“GIA education brought instant credibility, and it opened doors for me in the industry.”
– Preeti Kurani, Leadership Coach, mindshifts.co, and GIA Graduate Gemologist®, Graduate Pearls and AJP™
Please tell us about your journey in the world of business so far, especially about your transition into leadership coaching from the traditional world of gems and jewellery.
Through my career in the gem and jewellery industry, I’ve embraced unconventional thinking and challenged traditional norms. As an outsider entering a traditional industry, my focus was not solely on the business itself, but rather on my values and passion for the ﬁeld. The captivating colours, structures, and scientiﬁc aspects of gemstones intrigued me greatly, and I dedicated a signiﬁcant portion of my early professional years to educating myself in this domain. I constantly asked myself what I wanted to do and pursued opportunities that provided personal growth.
Transitioning and pivoting have always been central to my career. I can identify three key moments of transition that shaped my journey. The ﬁrst was establishing my own retail excellence institute, a unique concept within the industry. By keeping my ear to the ground and understanding market gaps and consumer demands, I pursued this venture for three years. The second pivotal moment occurred when I joined GIA as an instructor. This opportunity opened doors for me and led me to work with a regional jewellery company and later with De Beers.
It was during my time at De Beers that I underwent various leadership programmes, which sparked my interest in leadership coaching.
Taking a six-month break to reﬂect on my future, I felt a strong desire to give back and share my experiences and expertise. With a background in business and career development, I transitioned into leadership coaching to help cultivate future leaders. I ﬁrmly believe in the importance of remaining open to new opportunities and being willing to adapt and pivot along the way.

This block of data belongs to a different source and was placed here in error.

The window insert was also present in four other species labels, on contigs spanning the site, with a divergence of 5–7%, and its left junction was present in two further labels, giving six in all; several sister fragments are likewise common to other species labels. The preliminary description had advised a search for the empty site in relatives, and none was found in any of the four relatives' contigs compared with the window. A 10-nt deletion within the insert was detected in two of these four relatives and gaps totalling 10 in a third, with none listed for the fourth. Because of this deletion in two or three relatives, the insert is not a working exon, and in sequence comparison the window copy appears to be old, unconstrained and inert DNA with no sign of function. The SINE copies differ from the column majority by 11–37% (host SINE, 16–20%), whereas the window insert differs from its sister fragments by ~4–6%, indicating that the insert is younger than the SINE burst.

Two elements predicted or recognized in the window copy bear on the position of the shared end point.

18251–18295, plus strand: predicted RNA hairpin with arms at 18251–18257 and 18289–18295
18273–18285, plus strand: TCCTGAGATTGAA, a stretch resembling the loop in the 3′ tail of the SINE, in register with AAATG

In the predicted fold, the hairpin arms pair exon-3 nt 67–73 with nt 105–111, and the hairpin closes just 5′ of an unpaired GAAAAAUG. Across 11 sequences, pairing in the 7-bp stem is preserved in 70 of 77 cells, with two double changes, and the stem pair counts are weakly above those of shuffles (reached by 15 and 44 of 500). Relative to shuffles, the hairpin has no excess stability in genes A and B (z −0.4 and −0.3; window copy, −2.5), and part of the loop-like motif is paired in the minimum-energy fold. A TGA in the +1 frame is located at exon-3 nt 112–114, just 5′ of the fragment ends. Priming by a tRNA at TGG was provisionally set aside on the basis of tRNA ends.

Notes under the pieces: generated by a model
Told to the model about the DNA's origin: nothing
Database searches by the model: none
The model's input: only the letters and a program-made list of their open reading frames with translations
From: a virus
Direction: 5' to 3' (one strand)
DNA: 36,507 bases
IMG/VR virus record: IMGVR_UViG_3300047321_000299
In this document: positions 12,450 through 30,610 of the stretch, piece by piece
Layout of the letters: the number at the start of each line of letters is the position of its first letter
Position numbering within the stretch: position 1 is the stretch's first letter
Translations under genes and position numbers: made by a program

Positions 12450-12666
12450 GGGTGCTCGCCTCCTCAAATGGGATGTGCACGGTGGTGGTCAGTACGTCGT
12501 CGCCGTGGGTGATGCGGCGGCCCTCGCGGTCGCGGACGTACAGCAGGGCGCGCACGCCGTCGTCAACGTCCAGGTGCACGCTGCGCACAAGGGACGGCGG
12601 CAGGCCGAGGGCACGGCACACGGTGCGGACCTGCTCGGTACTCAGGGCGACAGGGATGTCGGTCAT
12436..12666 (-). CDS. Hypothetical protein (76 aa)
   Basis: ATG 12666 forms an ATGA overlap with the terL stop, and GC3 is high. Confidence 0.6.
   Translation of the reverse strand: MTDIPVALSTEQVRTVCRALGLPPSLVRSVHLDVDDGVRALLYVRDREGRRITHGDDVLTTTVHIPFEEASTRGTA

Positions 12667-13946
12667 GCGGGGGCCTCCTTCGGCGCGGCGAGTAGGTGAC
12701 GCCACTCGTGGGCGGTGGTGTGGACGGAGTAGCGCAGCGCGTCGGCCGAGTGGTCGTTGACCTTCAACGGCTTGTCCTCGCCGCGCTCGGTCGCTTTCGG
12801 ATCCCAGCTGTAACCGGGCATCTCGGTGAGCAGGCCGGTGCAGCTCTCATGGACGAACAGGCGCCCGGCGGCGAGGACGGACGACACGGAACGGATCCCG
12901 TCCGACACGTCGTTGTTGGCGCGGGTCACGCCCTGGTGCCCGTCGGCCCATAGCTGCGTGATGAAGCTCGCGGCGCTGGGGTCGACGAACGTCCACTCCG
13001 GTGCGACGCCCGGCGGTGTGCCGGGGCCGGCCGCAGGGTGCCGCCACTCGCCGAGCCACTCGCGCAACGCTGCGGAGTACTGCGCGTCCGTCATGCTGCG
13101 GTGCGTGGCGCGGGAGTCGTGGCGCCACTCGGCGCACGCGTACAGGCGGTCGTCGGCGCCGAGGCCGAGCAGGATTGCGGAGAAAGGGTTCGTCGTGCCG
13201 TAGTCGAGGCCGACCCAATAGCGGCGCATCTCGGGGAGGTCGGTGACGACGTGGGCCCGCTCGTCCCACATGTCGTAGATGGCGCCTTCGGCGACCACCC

Charles Darwin, the renowned biologist, stated that species that outlast others are not necessarily the mightiest but are the ones who are the most adaptive to change. How do you see strong legacy values in the context of this remark?
Adaptability is crucial for long-term sustainability and stability in organisations. Visionary leaders focus on the future, embrace change, and have a growth mindset. They also exhibit high emotional intelligence, which helps them understand their environment and the needs of their customers and employees. Other traits, I would say, are context and cognitive agility. Context and cognitive agility go hand-in-hand. Context refers to the operating environment and markets, while cognitive agility is the ability to respond quickly to changing circumstances. These traits are commonly found in successful leaders who aim to make a lasting impact and a legacy is created in the process.
And while adaptability is crucial, it is essential to be mindful that adaptability should only be pursued with purpose. Context is a determining factor in assessing the need for adaptability.
For instance, if the target audience consists of older generations who prefer in-store experiences, a complete shift to online platforms may not be necessary. Adaptability should be applied selectively, aligning with the demands of the situation and context.
As an executive coach and leadership facilitator, in your observation, how does a leader go about evaluating their succession to make their legacy stronger?